Today, the United States Proxy Exchange (USPX) released a Model Proxy Access Proposal that can be presented to corporations for a shareowner vote under SEC Rule 14a-8 to ensure that long-term shareowners have a reasonable, but not necessarily easy, means for including board nominations in the proxy materials those corporations distribute—so called “proxy access”.
The Model Proposal is designed to achieve legitimate purposes of proxy access without including anti-democratic provisions that have marred other approaches—most notably the SEC’s vacated Rule 14a-11. It provides two alternative ways parties may qualify to nominate: one is mostly suited for large shareowners, and the other is mostly suited for small shareowners. The Model Proposal imposes no hard cap on the total number of shareowner nominations, although it provides safeguards that obstruct parties from seeking a change in control through proxy access.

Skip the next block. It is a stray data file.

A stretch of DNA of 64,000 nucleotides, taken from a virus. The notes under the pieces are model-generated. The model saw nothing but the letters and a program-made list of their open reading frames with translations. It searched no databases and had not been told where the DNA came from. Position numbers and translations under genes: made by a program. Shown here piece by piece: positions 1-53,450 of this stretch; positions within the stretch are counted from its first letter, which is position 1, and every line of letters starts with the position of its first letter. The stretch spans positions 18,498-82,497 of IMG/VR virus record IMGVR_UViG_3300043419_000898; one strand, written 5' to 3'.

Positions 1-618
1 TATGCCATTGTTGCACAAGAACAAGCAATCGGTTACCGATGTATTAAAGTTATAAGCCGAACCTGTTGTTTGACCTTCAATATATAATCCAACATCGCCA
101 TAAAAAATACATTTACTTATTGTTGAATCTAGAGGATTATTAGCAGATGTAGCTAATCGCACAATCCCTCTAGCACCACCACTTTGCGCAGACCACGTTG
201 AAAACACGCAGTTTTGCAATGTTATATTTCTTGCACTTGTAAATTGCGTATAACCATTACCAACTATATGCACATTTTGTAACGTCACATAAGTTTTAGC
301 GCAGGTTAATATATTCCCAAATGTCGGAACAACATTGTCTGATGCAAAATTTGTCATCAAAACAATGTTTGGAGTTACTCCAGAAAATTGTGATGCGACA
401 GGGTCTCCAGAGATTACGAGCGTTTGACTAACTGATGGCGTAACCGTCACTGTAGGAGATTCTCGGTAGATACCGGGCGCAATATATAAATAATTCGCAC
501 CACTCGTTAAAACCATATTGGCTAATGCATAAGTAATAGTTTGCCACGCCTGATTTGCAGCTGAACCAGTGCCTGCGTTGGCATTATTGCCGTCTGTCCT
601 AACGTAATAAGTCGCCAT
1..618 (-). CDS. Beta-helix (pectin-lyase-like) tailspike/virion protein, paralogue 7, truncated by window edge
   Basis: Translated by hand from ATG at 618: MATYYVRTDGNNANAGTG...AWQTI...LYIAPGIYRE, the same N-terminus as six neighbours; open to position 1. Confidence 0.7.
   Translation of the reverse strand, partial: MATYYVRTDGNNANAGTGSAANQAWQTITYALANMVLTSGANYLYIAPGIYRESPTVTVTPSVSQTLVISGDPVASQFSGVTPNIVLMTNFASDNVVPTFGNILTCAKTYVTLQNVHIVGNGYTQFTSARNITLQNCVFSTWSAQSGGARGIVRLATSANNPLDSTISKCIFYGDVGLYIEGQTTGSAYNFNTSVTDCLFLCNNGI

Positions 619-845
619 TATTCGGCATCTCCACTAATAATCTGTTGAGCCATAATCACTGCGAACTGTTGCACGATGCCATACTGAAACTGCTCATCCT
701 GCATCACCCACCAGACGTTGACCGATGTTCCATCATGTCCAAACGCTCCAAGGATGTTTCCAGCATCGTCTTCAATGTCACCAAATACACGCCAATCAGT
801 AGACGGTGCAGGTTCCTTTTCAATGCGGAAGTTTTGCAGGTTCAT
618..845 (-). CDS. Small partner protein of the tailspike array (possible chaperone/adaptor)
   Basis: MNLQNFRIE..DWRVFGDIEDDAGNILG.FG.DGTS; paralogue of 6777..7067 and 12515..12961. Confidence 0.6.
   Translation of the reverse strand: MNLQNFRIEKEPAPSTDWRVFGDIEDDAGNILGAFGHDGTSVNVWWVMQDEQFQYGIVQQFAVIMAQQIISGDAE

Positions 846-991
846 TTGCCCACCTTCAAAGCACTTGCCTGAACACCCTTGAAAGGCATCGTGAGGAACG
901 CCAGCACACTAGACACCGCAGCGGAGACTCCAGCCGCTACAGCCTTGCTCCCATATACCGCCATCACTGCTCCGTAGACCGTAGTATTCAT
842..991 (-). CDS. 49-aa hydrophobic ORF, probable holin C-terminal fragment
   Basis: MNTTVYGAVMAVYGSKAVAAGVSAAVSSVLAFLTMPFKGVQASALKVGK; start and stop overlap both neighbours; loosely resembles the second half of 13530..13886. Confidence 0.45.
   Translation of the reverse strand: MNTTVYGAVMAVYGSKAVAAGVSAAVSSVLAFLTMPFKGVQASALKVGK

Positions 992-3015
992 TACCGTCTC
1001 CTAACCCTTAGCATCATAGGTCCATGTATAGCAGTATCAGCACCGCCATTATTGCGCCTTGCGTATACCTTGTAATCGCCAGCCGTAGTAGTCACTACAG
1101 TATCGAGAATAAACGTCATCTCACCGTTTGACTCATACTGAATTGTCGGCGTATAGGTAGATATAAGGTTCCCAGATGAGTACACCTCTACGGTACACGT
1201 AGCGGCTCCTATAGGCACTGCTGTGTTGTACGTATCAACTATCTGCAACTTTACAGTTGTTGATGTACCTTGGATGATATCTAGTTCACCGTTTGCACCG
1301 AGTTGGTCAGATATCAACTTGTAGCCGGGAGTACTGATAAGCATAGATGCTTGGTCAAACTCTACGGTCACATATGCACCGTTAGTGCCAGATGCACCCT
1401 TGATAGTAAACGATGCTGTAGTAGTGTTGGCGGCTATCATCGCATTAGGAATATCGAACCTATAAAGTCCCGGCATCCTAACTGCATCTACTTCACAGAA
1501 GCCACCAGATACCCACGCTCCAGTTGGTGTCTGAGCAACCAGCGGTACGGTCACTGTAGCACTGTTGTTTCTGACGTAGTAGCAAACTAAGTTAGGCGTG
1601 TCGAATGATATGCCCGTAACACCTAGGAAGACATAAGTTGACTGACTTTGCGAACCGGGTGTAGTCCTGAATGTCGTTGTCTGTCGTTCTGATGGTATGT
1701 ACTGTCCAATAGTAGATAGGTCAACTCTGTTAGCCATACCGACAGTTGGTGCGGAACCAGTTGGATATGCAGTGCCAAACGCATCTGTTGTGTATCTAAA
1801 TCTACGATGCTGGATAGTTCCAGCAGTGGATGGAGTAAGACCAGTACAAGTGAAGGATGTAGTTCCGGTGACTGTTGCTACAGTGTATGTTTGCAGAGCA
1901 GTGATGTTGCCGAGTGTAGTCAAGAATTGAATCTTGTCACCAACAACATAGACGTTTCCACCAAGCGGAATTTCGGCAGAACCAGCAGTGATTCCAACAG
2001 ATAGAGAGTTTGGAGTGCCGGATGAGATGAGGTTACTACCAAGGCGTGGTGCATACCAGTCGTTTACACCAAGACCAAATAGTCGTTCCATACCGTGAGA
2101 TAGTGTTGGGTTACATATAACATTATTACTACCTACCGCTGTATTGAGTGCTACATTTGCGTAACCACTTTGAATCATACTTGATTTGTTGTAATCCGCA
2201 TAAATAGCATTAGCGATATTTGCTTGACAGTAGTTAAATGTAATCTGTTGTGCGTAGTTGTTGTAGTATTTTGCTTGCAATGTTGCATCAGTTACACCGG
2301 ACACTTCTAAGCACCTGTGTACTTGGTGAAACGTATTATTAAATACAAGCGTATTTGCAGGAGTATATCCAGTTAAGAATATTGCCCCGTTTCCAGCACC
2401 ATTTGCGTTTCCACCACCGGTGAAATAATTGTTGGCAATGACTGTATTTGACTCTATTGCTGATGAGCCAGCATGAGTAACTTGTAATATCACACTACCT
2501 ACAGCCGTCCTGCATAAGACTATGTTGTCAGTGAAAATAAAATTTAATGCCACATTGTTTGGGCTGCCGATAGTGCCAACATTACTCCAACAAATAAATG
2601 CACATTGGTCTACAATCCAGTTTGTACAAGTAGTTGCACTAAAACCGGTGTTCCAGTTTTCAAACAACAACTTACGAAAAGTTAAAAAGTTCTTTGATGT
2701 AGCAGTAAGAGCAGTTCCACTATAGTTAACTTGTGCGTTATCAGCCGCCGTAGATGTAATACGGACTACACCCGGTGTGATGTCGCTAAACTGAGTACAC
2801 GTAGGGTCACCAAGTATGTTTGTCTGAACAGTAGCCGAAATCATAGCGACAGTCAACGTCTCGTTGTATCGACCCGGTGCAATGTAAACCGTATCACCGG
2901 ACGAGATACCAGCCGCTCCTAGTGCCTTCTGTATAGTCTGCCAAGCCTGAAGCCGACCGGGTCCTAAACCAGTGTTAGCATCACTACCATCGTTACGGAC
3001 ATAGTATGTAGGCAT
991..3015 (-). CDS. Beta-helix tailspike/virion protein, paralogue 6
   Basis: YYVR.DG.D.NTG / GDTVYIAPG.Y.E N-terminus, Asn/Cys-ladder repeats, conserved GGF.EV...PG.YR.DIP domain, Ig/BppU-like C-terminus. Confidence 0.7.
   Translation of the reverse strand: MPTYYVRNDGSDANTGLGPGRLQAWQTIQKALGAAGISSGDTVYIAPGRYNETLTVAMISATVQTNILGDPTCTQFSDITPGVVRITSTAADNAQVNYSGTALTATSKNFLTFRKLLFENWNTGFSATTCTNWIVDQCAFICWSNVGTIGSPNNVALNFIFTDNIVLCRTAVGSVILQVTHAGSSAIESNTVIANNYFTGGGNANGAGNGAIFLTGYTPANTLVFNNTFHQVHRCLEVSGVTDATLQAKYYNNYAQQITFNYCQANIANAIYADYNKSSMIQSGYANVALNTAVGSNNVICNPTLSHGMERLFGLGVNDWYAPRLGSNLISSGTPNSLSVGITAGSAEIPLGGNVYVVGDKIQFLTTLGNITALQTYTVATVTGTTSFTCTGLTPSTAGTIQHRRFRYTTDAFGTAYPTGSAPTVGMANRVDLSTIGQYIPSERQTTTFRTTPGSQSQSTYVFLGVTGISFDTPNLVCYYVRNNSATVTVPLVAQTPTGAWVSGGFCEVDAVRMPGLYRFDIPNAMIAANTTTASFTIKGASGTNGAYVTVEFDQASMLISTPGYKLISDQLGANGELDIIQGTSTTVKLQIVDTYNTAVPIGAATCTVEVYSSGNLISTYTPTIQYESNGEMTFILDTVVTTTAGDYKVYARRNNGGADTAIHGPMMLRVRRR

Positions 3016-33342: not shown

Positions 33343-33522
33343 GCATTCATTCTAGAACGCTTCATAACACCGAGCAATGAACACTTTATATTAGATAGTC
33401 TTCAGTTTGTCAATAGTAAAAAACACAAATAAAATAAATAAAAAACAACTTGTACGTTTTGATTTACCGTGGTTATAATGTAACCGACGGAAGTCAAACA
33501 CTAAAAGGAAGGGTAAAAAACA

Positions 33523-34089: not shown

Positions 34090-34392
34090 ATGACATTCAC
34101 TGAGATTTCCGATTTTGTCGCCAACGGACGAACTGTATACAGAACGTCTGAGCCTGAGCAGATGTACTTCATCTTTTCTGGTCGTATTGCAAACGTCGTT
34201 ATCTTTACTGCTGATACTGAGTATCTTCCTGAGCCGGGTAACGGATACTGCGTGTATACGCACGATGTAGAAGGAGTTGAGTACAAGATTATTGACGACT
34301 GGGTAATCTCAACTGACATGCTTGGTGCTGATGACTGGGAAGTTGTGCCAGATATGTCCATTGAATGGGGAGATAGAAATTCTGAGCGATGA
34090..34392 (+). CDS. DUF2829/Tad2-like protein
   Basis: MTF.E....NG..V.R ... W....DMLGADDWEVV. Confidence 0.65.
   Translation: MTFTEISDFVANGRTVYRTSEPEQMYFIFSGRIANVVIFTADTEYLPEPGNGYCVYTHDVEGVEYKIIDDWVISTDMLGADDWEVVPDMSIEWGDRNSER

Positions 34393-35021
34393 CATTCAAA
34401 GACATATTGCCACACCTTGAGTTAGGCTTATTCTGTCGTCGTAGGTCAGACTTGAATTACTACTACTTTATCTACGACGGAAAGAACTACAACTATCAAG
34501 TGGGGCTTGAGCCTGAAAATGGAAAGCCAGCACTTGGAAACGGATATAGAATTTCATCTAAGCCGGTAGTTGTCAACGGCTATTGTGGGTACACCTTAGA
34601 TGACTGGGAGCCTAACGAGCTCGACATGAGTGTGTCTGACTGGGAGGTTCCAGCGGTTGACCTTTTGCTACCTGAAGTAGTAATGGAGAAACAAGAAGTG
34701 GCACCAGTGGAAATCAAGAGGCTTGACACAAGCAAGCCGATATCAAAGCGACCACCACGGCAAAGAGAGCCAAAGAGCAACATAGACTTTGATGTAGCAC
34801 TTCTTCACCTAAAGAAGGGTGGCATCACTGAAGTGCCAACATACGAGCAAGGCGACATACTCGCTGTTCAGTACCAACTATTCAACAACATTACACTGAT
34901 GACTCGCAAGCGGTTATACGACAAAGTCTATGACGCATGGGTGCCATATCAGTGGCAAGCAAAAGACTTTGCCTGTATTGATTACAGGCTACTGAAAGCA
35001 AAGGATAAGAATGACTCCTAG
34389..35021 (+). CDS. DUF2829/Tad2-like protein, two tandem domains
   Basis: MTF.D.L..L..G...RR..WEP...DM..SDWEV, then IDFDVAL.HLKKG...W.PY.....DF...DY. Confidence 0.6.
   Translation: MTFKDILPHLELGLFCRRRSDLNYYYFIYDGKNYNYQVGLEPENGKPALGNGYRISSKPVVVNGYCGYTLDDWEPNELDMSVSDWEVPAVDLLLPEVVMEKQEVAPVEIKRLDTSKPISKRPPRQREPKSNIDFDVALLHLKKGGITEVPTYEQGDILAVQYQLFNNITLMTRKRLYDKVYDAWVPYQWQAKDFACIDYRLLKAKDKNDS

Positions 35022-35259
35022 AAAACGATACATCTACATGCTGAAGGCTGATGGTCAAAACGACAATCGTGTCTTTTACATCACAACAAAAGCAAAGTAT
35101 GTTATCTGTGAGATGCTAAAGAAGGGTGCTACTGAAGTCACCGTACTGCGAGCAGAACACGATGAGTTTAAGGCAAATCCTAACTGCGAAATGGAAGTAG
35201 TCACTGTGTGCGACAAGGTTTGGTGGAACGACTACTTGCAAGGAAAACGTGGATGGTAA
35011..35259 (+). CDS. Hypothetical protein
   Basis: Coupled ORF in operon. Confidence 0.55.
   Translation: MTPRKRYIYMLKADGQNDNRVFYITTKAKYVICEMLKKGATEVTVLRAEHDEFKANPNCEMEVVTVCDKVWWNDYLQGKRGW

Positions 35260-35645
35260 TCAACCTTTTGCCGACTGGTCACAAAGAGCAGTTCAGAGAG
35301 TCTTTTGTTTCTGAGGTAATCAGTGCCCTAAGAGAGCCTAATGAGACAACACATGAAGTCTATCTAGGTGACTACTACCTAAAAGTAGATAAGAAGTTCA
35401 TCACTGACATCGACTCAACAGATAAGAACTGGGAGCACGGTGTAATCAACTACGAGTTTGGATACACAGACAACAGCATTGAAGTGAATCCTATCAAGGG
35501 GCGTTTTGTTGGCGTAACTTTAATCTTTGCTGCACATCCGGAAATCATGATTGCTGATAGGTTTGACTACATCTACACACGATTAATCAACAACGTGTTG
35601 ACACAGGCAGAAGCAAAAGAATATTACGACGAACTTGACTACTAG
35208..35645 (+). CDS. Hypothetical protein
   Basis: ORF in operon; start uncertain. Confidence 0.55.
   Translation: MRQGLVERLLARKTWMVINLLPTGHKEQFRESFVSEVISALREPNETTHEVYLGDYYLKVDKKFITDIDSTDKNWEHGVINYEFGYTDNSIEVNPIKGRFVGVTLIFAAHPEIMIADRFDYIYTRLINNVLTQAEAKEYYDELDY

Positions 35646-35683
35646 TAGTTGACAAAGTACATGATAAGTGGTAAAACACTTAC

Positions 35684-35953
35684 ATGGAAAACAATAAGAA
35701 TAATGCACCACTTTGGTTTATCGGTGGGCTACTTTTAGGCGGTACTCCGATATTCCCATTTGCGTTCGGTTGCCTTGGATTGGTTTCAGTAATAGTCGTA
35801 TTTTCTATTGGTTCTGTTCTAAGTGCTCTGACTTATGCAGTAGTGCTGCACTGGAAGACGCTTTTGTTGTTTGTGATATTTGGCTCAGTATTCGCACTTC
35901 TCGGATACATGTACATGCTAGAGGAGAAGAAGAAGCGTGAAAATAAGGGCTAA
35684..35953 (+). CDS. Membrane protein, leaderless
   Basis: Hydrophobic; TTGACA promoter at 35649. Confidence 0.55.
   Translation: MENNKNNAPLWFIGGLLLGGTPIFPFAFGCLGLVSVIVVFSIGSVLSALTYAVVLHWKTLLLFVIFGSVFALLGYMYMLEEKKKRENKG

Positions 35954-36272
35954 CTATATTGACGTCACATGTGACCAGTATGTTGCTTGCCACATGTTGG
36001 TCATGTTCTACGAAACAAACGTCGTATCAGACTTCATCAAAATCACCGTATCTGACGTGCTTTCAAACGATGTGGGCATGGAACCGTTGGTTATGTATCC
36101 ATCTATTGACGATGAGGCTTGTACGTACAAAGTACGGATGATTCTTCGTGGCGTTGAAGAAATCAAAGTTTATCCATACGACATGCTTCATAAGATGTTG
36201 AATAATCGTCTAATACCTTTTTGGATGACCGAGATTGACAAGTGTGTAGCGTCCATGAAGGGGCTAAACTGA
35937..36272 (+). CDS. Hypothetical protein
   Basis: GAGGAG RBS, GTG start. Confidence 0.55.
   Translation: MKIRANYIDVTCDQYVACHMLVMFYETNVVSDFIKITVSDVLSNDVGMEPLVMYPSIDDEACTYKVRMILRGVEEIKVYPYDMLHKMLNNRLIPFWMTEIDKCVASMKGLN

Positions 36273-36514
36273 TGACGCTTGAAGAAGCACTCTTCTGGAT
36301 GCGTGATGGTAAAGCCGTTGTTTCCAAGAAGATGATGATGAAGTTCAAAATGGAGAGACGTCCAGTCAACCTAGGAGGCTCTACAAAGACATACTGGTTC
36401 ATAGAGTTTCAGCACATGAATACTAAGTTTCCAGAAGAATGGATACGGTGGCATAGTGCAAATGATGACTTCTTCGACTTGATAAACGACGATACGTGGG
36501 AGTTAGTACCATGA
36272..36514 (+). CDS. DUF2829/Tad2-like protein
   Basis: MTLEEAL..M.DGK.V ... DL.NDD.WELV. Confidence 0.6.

The Model Proposal is released with thirteen pages of accompanying discussion. This explains how to submit the Model Proposal to corporations. It describes the history of proxy access, dating to the 1970s. It details the legitimate goals of proxy access and explains how the Model Proposal achieves these without disenfranchising the majority of shareowners.
The USPX has developed the Model Proposal as a means of stimulating debate and experimentation with alternative approaches to proxy access. Implemented as-is, it will provide a reasonable means for most long-term shareowners to participate in nominating directors.
We encourage shareowners to submit the Model Proposal or to use it as a starting point in developing their own proposals. We hope that shareowners will also submit completely different proposals of their own design. Our discussion of issues should assist shareowners in that process.
The success of proxy access depends on experimentation to find what works. The USPX is committed to supporting such experimentation. Releasing the Model Proposal is a part of our support.